Charting a path to affordable cancer care at The Economist Events’ War on Cancer 2017

0
968
The 180-crowd strong listen intently as global leaders sharing best practices around cancer care at the annual Economist Events’ War on Cancer forum. Credit: TheEconomist Forum
The 180-crowd strong listen intently as global leaders sharing best practices around cancer care at the annual Economist Events’ War on Cancer forum. Credit: TheEconomist Forum

The annual Economist Events’ Health Care Forum was held yesterday in Singapore under the theme War on Cancer. The one-day forum presented new thinking of scaling up the responses to cancer in middle- to lower-income countries and innovative ways to finance cancer care and control across the region.

More than 150 panelists and delegates gathered to discuss, share ideas and rethink how governments, international organisations and the private sector can accelerate the funding of improved cancer care and finance key treatments in an efficient and sustainable manner.

The event explored how best to provide affordable care and identify cost-efficient interventions that should be prioritized in Asia’s low- and low-to-middle income countries to manage the growing burden of cancer.

“It is evident that many countries in Asia Pacific are slowly losing control in the war against cancer. We are at a breaking point where the convergence of science and technology has given rise to many breakthrough solutions, yet many patients in low- and middle-income countries still lack basic access to care and struggle with rising out-of-pocket payments with catastrophic economic consequences,” said Charles Goddard, editorial director of the Economist Intelligence Unit.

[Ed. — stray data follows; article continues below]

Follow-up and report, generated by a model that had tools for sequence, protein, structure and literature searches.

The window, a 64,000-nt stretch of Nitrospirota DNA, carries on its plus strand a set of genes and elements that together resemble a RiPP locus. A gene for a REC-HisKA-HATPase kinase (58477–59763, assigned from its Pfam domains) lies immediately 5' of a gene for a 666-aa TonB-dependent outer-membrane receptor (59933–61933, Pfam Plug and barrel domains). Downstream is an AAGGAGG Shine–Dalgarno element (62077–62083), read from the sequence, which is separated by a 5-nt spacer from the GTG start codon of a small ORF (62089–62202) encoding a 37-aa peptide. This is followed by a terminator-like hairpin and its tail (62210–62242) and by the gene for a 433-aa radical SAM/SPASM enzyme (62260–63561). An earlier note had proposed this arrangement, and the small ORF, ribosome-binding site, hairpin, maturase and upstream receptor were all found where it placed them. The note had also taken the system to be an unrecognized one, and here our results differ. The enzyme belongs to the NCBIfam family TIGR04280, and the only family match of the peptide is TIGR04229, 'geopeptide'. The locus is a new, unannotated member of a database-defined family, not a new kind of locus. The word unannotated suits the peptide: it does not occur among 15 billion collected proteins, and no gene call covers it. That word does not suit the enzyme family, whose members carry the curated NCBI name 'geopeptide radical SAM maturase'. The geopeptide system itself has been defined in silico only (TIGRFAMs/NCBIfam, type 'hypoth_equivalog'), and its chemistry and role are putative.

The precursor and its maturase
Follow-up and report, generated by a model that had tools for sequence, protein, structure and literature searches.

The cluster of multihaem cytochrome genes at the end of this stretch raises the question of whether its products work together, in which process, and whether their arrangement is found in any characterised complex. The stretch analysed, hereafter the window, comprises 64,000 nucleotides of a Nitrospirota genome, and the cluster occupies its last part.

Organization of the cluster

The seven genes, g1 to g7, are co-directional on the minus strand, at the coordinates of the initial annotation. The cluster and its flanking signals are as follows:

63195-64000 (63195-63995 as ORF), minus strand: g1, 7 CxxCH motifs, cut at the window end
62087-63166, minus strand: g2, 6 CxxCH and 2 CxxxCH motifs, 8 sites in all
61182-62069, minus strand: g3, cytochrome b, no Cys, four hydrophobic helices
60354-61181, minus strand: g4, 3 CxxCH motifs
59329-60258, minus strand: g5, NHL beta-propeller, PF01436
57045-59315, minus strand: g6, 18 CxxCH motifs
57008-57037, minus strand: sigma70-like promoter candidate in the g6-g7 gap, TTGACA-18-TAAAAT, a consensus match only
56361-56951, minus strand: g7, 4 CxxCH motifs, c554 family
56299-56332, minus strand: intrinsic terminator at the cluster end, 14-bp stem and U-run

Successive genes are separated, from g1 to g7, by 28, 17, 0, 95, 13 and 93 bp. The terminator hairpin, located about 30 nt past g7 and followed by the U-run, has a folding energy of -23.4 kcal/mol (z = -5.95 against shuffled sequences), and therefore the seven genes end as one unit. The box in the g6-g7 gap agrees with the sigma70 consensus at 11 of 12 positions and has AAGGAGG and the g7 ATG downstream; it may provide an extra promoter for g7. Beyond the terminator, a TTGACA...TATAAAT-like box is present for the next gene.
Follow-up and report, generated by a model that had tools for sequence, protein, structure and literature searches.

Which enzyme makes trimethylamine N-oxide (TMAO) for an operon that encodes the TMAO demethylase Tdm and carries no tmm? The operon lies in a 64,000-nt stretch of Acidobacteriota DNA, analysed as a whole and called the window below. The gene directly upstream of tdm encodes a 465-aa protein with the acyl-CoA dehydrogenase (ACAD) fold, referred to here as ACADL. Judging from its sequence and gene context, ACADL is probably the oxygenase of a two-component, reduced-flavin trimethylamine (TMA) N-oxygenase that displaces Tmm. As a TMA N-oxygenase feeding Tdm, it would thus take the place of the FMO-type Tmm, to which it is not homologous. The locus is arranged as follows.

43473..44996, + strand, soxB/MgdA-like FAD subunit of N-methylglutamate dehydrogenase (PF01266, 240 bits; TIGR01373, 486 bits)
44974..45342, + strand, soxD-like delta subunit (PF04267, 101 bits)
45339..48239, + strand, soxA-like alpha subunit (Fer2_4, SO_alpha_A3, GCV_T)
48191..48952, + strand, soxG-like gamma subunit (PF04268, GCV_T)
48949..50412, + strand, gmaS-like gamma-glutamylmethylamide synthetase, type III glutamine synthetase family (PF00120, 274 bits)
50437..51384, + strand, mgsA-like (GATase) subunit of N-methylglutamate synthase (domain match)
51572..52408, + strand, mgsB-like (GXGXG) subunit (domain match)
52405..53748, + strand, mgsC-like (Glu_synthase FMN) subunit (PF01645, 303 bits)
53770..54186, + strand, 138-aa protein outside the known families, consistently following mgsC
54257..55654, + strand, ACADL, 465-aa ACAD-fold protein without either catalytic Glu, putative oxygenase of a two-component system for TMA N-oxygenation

Paulyn Ubial, Secretary of Health for the Philippines said, “We have targeted to provide 20 million vulnerable Filipinos access to cancer screening services. It is still work in progress, but by December 2016, we managed to cover 85% of these people, and hope to reach 100% by the end of this month.”

“We’ve been used to meager budgets [to fund cancer care], but the sin tax has increased our budget by 500%. This has enabled us to expand health coverage in the Philippines and better plan and fund cancer care.”

The event began with an interview of Gregory Simon, Director of Biden Cancer Initiative and former executive director of White House Cancer Moonshot Task Force by Charles Goddard, Editorial Director Asia Pacific, The Economist Intelligence Unit, on “The Politics of Cancer”.

A series of panel discussions and strategy sessions examined new financial models, affordable interventions and how to drive better patient outcomes. Featured speakers included Paulyn Rossell Ubial, secretary of health, The Philippines; Sen-Tien Tsai, Vice minister of health and welfare, Taiwan; MV Ramana, executive vice-president and head of branded markets India and emerging countries, Dr. Reddy’s Laboratories; Raman Singh, president, Asia-Pacific, Latin America, Middle East and Africa, Mundipharma; Sangita Reddy, Joint Managing Director, Apollo Hospitals Group; Xavier Chan, head of public health and epidemiology, QuintilesIMS; Isabel Torres, global head of access to medicines, Takeda PharmaceuticalsThiravud Khuhaprema, director, Wattanosoth Bangkok Cancer Hospital, BDMS and Zhao Ping, Chairman of the Cancer foundation of China among others.

Smita Aggarwal, member of the National Managing Committee, Indian Cancer Society echoed the general sentiment of those gathered, “Access to timely funding is what makes the difference in cancer mortality”